A Sequential scanner may have an interest and want to go to school to learn all about that area of interest, but once they graduate, they lose interest and have no desire to teach or work in that area. They just love the challenge of learning or mastering that area. So they go back to school and learn a new area. Again once they graduate, they have no desire whatsoever to teach or work in that area. If you know anyone who is known as a PROFESSIONAL STUDENT, they may be a sequential scanner.

As I said in an earlier post about Polymaths, I wanted to read this book to see what I could do to salvage the remaining 20 years of my working life.

I have a diploma of Business Administration. Nothing special but I enjoyed most of the courses I took. I am not a numbers person so I disliked the accounting classes. However I did pass them, the first time around. They did drag my overall average down which is why I graduated with Distinction and not with Honours. Distinction is an overall average grade in the 80s, Honours is an overall grade in the 90s. My overall average grade was 88%.  I also have a specific group of interests that I usually tend to return to over and over again. I listed them in my previous post on Polymaths. This makes me a cyclical scanner.

One thing I have discovered about myself is that most of my interests are related to communication and words. I could have done well as a librarian, a historian, a researcher, a journalist, an editor or a writer. I love history and I love doing research. I also love art, art history, antiquarian books and antiques. Maybe I can try to get into those areas as well. But without a BFA (fine arts degree) that will be hard.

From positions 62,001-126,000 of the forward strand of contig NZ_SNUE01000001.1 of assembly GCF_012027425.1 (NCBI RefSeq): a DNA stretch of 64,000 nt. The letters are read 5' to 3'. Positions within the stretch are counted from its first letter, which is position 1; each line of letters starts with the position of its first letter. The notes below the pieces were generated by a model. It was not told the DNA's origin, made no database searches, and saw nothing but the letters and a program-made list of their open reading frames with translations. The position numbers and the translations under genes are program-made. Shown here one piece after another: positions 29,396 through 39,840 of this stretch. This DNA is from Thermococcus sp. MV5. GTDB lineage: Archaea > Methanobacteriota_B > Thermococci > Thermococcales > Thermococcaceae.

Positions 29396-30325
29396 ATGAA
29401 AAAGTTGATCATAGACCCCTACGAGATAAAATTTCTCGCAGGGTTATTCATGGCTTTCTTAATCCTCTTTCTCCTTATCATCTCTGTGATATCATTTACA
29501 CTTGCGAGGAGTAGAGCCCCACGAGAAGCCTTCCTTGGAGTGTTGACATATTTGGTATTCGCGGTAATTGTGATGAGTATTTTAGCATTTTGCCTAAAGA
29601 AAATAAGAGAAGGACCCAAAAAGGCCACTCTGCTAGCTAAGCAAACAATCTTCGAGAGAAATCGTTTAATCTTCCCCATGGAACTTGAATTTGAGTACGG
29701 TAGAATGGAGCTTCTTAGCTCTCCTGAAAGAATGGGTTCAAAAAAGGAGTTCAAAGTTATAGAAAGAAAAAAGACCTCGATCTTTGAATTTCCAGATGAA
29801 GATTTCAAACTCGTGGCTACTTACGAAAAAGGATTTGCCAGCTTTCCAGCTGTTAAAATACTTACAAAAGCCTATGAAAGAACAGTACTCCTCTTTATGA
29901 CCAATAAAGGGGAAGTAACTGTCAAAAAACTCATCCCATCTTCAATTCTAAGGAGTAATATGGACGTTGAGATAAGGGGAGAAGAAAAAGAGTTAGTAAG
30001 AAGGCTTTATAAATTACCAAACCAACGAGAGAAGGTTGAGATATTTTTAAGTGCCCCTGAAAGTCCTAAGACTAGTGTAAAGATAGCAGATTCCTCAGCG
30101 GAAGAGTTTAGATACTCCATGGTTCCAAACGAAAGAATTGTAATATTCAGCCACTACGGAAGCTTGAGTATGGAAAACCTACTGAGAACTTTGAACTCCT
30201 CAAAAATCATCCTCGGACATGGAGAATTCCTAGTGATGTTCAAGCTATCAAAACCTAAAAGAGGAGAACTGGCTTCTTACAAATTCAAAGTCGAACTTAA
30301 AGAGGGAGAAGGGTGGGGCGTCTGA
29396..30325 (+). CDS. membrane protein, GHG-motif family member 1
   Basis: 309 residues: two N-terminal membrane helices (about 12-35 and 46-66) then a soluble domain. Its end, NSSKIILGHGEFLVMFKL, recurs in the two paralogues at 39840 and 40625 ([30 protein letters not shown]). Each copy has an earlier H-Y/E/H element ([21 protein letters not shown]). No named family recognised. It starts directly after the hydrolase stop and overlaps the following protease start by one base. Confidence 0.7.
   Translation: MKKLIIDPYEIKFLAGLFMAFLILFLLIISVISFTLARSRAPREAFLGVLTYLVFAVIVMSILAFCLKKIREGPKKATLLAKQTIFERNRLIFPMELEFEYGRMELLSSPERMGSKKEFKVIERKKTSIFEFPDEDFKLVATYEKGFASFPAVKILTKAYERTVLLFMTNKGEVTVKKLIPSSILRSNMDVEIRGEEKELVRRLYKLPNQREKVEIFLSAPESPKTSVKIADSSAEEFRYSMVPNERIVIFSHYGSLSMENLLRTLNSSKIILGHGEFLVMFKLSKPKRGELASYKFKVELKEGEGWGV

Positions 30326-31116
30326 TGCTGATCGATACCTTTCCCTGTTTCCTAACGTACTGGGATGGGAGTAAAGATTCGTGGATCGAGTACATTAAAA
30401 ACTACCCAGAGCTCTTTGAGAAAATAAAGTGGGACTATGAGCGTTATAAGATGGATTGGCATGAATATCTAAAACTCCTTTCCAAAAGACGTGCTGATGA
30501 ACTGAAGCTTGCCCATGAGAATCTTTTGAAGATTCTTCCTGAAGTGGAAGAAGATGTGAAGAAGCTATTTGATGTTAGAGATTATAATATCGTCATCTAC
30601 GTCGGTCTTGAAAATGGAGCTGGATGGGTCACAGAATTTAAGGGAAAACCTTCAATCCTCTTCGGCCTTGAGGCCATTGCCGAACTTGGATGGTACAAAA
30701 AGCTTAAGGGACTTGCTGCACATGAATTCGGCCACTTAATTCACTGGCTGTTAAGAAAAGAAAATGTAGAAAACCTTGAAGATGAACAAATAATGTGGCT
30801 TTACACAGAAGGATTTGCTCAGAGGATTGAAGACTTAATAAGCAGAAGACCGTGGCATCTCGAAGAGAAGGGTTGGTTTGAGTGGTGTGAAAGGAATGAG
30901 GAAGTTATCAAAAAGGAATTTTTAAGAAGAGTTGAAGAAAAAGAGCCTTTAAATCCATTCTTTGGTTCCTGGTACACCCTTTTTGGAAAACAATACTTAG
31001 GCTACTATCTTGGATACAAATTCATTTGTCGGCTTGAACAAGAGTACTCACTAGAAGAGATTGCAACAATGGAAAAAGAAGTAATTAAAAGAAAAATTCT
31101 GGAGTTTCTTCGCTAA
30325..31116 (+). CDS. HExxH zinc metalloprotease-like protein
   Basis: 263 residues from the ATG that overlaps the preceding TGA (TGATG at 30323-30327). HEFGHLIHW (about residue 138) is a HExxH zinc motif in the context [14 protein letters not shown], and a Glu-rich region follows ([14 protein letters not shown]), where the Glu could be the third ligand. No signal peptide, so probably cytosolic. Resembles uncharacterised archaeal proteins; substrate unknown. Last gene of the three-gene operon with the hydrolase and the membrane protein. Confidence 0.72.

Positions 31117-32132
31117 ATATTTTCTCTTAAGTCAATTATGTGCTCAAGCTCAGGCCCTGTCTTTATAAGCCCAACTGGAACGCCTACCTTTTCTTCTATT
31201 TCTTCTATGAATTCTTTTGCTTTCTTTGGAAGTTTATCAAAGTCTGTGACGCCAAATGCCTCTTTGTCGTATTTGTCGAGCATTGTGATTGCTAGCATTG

In the meantime I am looking for an administration position with a non-profit company or a business related to the arts and antiques world. I have also discovered that I prefer the casual business environment and NOT the corporate environment. OK thats enough about me.

This book makes suggestions of how one can cope with choices and how to find a career that covers the vast array of interests that scanners have. At no time does this book ever say for sure that a scanner is better at doing one particular career over another one, That's because scanners have such widely differing interests.

If you want specifics on finding a career for you, this book is NOT for you.
If you want a challenge in finding the right career for you, then this book is perfect for you.